orange county california jails inmate information
fractured ankle
letters and responses written by women to emotionally
abusive partners
men that use emotional and physical abandonment to control their partner
warning signs of a mans infidelity or sexual addiction
the sociopathic relationship
southern california newspaper stories about woman murdered by boyfriend in pomona december2005
names of females murdered or found dead in pomona california in 2005
characteristics of a sociopath in a relationship
a person that shows lack of empathy
help in writing a letter to a abusive narcissistic ex boyfriend
how to hurt the narcissistic man
retaliating against the narcisisstic man

CONTINUED: Lovelorn and desperate…
Page 1 | 2 | 3

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Here is a web interface to search the database
Here is the web database to do the search.

<a class="jive-link-external" href="" target="_newWindow"></a>
Posted by head999 (1 comment )
Reply Link Flag
i like this one more
posted this link on Digg, personally I think it's a lot more intuitive

<a class="jive-link-external" href="" target="_newWindow"></a>
Posted by foofahrah (1 comment )
Reply Link Flag
This goes to show you...
AOL users really are dumb, who actually writes that into a search engine?

My favoriate is 17556639, who later turned from wife killing and dead photos to his dirtiest search "poop" - no lie.
Posted by osbjmg (14 comments )
Reply Link Flag
AOL might want to rethink becoming a free service
They might need the income to pay for lawsuits.
Posted by rcrusoe (1305 comments )
Reply Link Flag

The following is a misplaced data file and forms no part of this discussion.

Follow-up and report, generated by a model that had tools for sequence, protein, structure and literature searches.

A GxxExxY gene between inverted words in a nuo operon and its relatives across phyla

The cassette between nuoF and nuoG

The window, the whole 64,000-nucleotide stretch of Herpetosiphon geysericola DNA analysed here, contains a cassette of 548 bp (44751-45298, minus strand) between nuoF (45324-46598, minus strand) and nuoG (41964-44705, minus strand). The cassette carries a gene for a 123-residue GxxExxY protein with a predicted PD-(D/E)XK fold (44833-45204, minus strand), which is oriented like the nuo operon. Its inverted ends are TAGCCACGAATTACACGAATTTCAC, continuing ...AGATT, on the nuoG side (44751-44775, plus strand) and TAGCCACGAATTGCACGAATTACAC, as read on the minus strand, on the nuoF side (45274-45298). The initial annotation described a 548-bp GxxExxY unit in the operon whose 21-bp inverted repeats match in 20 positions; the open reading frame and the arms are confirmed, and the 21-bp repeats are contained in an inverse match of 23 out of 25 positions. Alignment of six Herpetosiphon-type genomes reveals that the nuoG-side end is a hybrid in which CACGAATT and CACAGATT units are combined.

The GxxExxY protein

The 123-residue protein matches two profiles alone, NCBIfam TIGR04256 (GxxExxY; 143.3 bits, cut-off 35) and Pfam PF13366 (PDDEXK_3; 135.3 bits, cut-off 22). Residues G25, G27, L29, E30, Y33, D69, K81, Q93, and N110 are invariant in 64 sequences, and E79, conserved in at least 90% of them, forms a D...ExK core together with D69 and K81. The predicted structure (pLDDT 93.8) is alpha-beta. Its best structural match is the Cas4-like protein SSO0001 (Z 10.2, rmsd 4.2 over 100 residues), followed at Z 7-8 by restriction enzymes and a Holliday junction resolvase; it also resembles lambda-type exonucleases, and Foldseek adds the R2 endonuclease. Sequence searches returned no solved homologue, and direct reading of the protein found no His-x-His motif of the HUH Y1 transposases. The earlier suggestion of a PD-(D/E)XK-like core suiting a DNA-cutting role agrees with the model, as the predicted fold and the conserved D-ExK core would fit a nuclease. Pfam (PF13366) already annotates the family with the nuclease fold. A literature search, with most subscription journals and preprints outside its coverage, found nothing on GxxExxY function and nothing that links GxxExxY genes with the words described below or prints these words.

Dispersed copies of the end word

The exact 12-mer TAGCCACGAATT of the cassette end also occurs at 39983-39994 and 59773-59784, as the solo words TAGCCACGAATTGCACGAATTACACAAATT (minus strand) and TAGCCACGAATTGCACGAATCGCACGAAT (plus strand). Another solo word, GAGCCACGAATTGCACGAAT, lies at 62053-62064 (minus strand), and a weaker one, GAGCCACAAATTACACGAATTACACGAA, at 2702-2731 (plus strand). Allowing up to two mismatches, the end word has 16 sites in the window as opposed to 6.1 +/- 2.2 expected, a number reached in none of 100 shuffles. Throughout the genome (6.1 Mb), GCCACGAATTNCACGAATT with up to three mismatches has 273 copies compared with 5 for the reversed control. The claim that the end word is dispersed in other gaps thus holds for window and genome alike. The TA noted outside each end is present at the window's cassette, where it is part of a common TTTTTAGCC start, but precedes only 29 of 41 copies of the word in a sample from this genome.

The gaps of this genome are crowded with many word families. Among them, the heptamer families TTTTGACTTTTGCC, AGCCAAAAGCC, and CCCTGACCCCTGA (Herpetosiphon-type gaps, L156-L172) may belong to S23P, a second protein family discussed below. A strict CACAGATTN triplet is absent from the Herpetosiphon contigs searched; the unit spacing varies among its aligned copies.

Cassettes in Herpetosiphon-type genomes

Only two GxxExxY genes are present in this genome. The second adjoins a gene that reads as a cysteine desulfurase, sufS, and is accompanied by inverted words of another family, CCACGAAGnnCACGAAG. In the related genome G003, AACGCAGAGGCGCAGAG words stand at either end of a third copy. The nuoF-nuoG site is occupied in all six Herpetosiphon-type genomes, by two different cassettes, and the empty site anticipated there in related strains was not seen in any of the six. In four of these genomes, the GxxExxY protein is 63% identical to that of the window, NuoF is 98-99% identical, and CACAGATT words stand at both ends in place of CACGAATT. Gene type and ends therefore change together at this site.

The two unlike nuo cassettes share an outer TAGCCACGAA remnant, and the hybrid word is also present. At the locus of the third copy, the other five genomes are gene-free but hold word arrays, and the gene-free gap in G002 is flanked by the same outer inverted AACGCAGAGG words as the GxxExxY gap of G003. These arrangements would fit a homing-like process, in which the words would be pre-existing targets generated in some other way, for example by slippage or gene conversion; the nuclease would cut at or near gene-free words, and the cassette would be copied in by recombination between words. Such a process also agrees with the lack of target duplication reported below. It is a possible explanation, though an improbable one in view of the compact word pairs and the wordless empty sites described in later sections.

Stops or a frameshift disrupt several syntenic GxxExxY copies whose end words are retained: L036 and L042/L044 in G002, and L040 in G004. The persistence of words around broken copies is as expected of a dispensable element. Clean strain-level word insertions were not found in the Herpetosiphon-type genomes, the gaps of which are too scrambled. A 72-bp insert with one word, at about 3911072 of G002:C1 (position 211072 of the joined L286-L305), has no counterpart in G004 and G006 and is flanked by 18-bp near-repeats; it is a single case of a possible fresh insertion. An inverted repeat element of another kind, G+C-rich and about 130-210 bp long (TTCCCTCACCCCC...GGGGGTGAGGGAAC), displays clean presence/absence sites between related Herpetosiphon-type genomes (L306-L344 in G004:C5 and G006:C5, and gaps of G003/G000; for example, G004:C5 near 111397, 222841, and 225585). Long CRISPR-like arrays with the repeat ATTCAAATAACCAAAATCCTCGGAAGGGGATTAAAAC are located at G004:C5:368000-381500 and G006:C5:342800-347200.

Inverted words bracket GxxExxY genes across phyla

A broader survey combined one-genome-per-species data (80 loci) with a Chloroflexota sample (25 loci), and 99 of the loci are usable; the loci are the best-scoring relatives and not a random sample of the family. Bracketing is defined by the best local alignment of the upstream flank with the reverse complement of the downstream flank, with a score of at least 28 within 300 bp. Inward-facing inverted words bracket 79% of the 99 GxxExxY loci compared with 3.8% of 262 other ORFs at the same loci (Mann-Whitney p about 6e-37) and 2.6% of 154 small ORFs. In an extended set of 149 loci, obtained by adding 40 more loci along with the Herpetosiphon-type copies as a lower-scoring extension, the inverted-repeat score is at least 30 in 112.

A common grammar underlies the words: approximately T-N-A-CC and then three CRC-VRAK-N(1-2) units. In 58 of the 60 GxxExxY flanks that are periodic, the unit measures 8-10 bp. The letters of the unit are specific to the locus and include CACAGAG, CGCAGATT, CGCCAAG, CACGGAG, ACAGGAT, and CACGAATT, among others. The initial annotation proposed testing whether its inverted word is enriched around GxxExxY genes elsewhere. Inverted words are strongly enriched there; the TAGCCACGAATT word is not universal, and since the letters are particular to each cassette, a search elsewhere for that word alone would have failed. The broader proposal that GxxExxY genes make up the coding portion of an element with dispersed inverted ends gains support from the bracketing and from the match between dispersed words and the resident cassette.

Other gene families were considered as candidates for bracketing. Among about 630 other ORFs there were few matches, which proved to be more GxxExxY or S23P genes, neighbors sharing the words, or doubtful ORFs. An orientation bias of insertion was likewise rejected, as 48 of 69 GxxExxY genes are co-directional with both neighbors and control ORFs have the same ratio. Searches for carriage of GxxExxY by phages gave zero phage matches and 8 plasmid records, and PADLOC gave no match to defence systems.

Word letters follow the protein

Why would anyone sue. It shows no way to track anyone and shows no names, addresses, or the like. The only people suing would be money-hungry lawyers, with a few " Defendents".
Posted by nintendo812 (10 comments )
Link Flag
I hope law enforcement isn't letting this opportunity slip
I would like to see anonymous user 17720123 get what's coming to him.
Posted by ts3920 (2 comments )
Reply Link Flag
Re: I hope law enforcement isn't letting this opportunity slip by
There's at least one person in there that I wouldn't mind seeing
get nailed. But I'm sure there'll be a million people saying thats
horrible because his privacy was invaded. Who cares what type
of grizzly garbage he was doing....

Charles R. Whealton
Charles Whealton @
Posted by chuck_whealton (521 comments )
Link Flag
Anyone ever think it's just random?
Did anyone besides myself ever stop to think that these searches could just be random? At times I might search for something on television or something a friend mentions. If I search for information on a particular college, does that mean I'm an aspiring college student? It could - but in my case, I just wanted to find out something about that college for no real particular reason - just curiosity.

A user's search records could not (and should not) be construed as a profile of that person. While it's interesting, I don't think it really tells us much about the user in real life.
Posted by wiley14 (39 comments )
Reply Link Flag
That's what building a profile is all about
One or two searched taken in isolation may be random. But when you look at all of the searches performed over a period of days or weeks you can build a pretty accurate profile of a user's interests. And I don't for a moment believe that a user who is repeatedly searching for child pornography is doing so 'randomly'.
Posted by ts3920 (2 comments )
Link Flag
not random
you can gather a random search here are there but with-in the context of 3 months worth of searching you do get a pretty good idea of what the underlining meaning behind there searches..
this isnt right because its a form of voyouerism.
and what people think/write about unless stated to be fact should (never) be used agenst you..